State races against time to revamp co-op sector
Wednesday, April 21st, 2021
- Though various legal interventions has resulted in substantial gains in the development of co-operative leadership and governance, incidences of poor governance are still experienced in some co-operative institutions.
- The sector is also dotted with incidences of ineffective leadership, micro-management of the societies by the boards, unethical business practices, and inadequate application of good financial management and lack of effective member participation.
- Experts say co-operatives as private enterprises offering public good require mechanisms that promote good governance for transparency and accountability to secure public confidence in their operations.
- As part of the reforms, according to Cooperative Alliance of Kenya CEO Daniel Marube, there is also need to put in place strong systems for credit appraisals factoring in risk management.
- Managements need to be keen when appraising members for loans so that they do not burden guarantors even as there are plans to introduce an insurance scheme to help in easing the burden on guarantors.
Bogged down by poor governance and old laws, the multi-billion shilling Co-operatives sector is racing against time to turn around its performance.
For over 10 years, the sector has found itself in a situation where it cannot continue using the old laws because they are not in tandem with the Constitution, while at the same time they do not have their own laws to guide the sector.
The government is yet to operationalise the National Co-operative Policy, Non-Deposit Taking Business Regulations 2020 and deepen the prudential and market conduct measures for Back Office Services Activity (BOSA) business.
These regulations cover Non-Deposit Taking Saccos with Sh100 million and above in deposits, diaspora co-operatives and Saccos operating on virtual platforms.
In an interview with Business Hub, Commissioner for Co-operatives Geoffrey Njang’ombe said the ministry is determined to fast-track changes in the movement, though it comes years after the devolved units were established.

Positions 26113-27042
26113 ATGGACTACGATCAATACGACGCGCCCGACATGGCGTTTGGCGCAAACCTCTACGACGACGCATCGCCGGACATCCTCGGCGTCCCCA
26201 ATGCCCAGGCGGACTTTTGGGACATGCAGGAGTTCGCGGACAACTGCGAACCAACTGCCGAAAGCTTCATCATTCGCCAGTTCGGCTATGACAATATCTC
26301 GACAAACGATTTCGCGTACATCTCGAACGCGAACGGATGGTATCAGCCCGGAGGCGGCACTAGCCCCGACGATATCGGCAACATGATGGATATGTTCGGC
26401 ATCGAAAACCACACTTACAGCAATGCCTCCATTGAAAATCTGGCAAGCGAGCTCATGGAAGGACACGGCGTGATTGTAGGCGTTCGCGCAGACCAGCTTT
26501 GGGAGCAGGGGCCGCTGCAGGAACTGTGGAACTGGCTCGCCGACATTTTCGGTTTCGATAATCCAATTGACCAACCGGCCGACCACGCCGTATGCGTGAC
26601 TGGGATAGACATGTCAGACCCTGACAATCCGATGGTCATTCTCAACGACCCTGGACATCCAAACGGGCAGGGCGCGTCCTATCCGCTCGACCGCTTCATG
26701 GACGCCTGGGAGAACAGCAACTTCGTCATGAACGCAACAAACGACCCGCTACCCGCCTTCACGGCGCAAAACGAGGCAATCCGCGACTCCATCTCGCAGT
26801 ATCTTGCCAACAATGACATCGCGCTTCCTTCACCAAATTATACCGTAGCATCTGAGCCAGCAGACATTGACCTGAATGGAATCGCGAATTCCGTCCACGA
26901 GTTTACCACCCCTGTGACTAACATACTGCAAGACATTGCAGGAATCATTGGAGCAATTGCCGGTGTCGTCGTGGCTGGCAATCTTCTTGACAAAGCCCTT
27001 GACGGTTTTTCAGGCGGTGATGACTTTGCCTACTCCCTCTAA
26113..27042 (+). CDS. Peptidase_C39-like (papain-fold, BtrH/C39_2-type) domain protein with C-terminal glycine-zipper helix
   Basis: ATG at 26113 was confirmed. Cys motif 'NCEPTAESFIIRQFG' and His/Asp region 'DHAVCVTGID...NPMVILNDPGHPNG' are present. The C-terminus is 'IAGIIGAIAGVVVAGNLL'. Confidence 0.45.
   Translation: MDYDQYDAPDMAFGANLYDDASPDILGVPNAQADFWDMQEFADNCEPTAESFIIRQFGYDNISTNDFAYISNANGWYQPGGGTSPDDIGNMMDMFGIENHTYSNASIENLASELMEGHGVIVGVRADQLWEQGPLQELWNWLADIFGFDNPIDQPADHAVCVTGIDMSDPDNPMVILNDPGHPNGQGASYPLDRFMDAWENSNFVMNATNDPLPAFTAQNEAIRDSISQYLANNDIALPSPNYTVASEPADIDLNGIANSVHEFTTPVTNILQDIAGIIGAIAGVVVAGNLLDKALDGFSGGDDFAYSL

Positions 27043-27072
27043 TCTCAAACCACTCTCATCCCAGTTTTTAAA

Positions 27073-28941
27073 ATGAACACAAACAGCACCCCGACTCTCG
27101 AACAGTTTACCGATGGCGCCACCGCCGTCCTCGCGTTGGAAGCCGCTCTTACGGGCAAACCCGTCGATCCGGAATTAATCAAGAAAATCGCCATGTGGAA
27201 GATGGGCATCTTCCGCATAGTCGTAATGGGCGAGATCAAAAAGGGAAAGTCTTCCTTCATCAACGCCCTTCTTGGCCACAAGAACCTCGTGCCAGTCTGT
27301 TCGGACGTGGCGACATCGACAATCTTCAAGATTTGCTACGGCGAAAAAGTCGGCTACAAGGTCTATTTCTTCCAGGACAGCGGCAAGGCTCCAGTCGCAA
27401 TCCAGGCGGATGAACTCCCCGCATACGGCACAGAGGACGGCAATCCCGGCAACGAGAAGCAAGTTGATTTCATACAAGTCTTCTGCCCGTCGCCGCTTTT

Kenya changed its entire constitution after many years of advocacy and activism in 2010, creating one unitary state and 47 county governments.
Other changes being pursued, according to Njang’ombe are review of Co-operative Societies Act, Sacco Societies Act and restructuring of key co-operative institutions to align them with the Constitution and changing business environment.
The reforms, he said are geared towards taming poor governance in co-operative institutions to assist the sector fit in the current business realities and shield the financial institutions against unfair business practices.
“We have disturbing issues in the co-operatives in terms of leadership and governance which affects the management of the institutions, grand corruption and emergence of unethical professionals.
So our mission as a government is to align the current pieces of legislation to the constitution under the devolved system of governance,” said Njang’ombe.
The reforms, he added, will help in cushioning savings and credit co-operative societies against unfair business practices and equally make them stronger to compete in the current money market.
“Much of the function being held in the Office of the commissioner have been devolved, we want to harmonise the counties and national government and the entire movement on how we can operate mutually and seamlessly for members to benefit from devolution by defining the roles of each level”, he added.
The ministry, Njang’ombe said wants to come up with reforms which can put the financial co-operatives in a fair platform to be able to compete by introducing the central liquidity fund under a shared platform.
“This will enable Saccos to jointly share issues services like information technology and inter-lend to each,” he added.
Speaking recently during a co-operative leaders forum at Oltukai Lodge in Amboseli, Agriculture and Co-operative Cabinet Secretary Peter Munya said the ministry is at an advanced stage of establishing a Central Liquidity Facility to facilitate inter-Sacco borrowing and enable co-operatives to participate in the National Payment Systems.
“Sacco Societies Regulatory Authority (Sasra) is also in the process of operationalising the Deposit Guarantee Fund which will enhance members confidence in Saccos,” he said.